By Omar L. Gallaga
My two new college-aged friends -- at least I think we're friends, we just met -- love to hang out with their friends, shop and hit the beach when it's not too crowded. One of them loves horror movies, the other is really into action films. They've both gearing up for exams coming up in their studies of English and French literature.
The only thing unusual about these students, really, is that they live in Gaza. I met them inside a golden shipping container parked on the St. Edward's University campus in Austin and our 20-minute introductory chat was via videoconference.
While Skype, Facebook Messenger, Apple's FaceTime, Snapchat and many other apps allow this kind of thing via any online mobile device, this experience was a little different.
For one thing, the gold-painted shipping container has been dubbed a "Portal" by Shared Studios, the art and technology team behind it that began out of New York. The shipping containers are in about 16 cities around the world and provide a life-sized videoconferencing experience. The people you communicate with are projected onto a large screen to approximate as closely as possible sharing the same space in real time. It takes a few moments and depending on the internet connection on both sides, audio or video can get a little glitchy, but the effect becomes compelling; you're chatting with people, asking questions, laughing and responding to the visual cues of someone else's body language as if they're on the other side of the same room
This was certainly the case on a Tuesday morning when I met two sets of students living in Gaza that included Mona Safadi (the horror film fan) and Amira Alami (who admires American action movies).
Amira was taken aback and found humor in the idea that Americans might perceive Gaza to be a violent, scary place. "We live our lives, we go to college, we study, we go shopping sometimes," she said. "You hear that we live in a war all the time?"
The two are familiar with Beyoncé and Taylor Swift, but as far as music, they're bigger fans of Amr Diab, a popular pop singer from Egypt.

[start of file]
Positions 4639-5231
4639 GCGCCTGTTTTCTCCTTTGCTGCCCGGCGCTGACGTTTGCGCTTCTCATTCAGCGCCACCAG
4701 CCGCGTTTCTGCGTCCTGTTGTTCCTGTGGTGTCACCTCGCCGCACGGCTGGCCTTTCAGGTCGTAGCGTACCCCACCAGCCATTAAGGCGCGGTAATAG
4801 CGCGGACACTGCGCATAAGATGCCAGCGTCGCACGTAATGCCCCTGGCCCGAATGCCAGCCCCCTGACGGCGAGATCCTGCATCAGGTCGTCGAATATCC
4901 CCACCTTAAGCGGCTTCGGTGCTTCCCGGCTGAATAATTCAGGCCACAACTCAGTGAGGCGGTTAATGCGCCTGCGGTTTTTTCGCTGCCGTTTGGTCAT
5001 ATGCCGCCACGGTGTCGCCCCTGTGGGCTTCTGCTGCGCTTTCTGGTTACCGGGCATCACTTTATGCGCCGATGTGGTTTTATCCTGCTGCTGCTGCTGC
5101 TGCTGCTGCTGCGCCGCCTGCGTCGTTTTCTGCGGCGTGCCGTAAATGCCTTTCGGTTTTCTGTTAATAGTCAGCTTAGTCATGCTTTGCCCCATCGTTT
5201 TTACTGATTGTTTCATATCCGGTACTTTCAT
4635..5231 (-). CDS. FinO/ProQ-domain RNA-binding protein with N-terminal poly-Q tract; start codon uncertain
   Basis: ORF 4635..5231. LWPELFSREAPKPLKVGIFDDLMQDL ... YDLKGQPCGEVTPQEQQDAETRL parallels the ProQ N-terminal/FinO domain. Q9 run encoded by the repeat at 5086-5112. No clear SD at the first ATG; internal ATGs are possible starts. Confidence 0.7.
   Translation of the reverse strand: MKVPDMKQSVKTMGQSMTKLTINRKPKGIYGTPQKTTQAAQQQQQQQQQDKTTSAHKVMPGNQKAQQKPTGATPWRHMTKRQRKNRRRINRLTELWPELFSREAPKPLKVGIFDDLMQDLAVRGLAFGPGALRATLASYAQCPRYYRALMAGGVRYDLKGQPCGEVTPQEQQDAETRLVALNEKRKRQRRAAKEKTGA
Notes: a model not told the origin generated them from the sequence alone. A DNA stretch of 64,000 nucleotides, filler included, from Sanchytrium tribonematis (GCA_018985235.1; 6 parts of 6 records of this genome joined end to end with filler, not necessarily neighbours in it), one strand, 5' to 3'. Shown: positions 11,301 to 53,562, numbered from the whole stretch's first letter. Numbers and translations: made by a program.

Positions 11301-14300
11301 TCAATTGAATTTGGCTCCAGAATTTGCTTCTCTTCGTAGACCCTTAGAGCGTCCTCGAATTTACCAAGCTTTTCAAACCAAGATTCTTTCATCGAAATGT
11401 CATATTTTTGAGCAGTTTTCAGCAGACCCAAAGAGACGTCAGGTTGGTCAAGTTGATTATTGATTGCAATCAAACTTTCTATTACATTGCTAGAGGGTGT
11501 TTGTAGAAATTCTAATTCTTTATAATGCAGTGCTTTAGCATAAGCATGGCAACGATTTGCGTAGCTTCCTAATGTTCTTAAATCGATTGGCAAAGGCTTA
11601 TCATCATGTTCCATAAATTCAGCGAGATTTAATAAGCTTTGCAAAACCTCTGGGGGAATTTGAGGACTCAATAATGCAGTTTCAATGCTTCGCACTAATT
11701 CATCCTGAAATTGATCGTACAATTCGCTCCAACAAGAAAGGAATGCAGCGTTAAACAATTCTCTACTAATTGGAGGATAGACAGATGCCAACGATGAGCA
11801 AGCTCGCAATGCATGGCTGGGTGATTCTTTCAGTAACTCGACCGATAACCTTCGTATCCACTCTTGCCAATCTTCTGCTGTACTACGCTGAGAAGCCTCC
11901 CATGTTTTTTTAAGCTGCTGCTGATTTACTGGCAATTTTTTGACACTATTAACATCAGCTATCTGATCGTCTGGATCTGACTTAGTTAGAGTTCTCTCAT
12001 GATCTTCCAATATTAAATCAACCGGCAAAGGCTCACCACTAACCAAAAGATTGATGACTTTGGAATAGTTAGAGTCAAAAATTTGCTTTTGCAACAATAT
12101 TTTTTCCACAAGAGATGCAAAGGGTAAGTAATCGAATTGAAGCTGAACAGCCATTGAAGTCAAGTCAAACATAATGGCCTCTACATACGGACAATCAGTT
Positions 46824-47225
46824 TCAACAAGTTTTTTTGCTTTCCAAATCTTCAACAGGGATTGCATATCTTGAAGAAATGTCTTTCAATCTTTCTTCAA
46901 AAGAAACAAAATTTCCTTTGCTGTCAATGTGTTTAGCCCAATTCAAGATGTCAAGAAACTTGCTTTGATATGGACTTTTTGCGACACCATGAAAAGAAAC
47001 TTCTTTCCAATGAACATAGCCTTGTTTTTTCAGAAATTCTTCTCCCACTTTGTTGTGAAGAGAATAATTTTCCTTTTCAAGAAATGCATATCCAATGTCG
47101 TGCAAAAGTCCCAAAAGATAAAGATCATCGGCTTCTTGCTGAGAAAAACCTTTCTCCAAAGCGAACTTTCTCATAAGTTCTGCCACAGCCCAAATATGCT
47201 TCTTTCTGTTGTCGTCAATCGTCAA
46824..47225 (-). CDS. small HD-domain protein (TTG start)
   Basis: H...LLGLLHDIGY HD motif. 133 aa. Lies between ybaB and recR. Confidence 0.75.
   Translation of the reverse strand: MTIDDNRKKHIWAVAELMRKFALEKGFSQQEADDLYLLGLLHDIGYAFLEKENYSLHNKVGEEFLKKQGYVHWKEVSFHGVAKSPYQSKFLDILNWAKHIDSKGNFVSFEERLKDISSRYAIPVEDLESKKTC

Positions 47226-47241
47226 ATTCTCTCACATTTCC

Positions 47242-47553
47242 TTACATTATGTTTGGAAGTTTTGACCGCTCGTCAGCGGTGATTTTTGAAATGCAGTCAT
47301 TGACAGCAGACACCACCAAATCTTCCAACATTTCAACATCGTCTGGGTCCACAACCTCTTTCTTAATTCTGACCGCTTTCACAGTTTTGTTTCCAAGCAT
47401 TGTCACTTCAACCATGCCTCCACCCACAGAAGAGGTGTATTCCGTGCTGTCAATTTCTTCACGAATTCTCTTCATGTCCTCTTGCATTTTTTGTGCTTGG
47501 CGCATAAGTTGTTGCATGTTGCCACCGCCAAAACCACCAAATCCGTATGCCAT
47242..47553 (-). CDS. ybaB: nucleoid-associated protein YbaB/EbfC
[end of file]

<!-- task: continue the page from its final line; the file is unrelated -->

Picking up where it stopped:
They've traveled to Turkey, Tunisia and Morocco, but they're intrigued by Texas based on just a few minutes ofvideo chatting. "We would like to go to Austin!" Mona said, upon hearing about our town's music scene and festivals.
The Shared Studio project began as a single art installation linking New York with Tehran in late 2014. It has since expanded to include American universities and far-flung places including El Progreso, Honduras; Kabul, Afghanistan; Mexico City; and Kigali, Rwanda, facilitating tens of thousands of video chats.
Ben Carneiro, an Austinite working for Shared Studios as a local portal curator, said linking Austin to the world has been "delightful."
"It's been really nice to be able to connect people who have similar interests throughout the world," he said. "We've had photographers in Rwanda talk to photographers here, musicians in Mexico City's arts district perform for musicians in Austin."
Carneiro said, "The most challenging part of the job is you can't really control what happens in the Gaza Strip. Sometimes it's like rainy season in Rwanda and the power is cutting out."
The shipping containers are equipped with a keyboard, speakers, microphone, internet equipment, a room-sized screen and projector and video-chat software. "But the technology is really the least of it," Carneiro said. "The neat thing that Shared Studios did is this experience: You walk into a container and you're in a different world."
The Austin container is parked in front of Andre Hall on campus. Though it's open to anyone who wants to walk up and try it or sign up for a 20-minute chat online via the Shared Studios website, it offers a particular opportunity for students, said Tony Chavez, who works at St. Edward's University and who was on the committee for the portal project.
"It can expose students to different kinds of cultures," Chavez said. "We're learning how to share this experience with the university and connecting artists here."
The portal arrived in August and its stay has been extended; it should be in Austin until early to mid-November. It's available for use 8:30 a.m. to 9:30 a.m. and noon to 2 p.m. Mondays through Fridays and on weekend dates announced through St. Edward's University social media channels.
The portal might not only break misconceptions about places in Africa, South America and the Middle East, but it could also set the record straight about what it's like to live in Texas.
"Do you all have farms?" asks Yasmeen Gehad, another student from Gaza. "I've only heard of cowboys from Texas."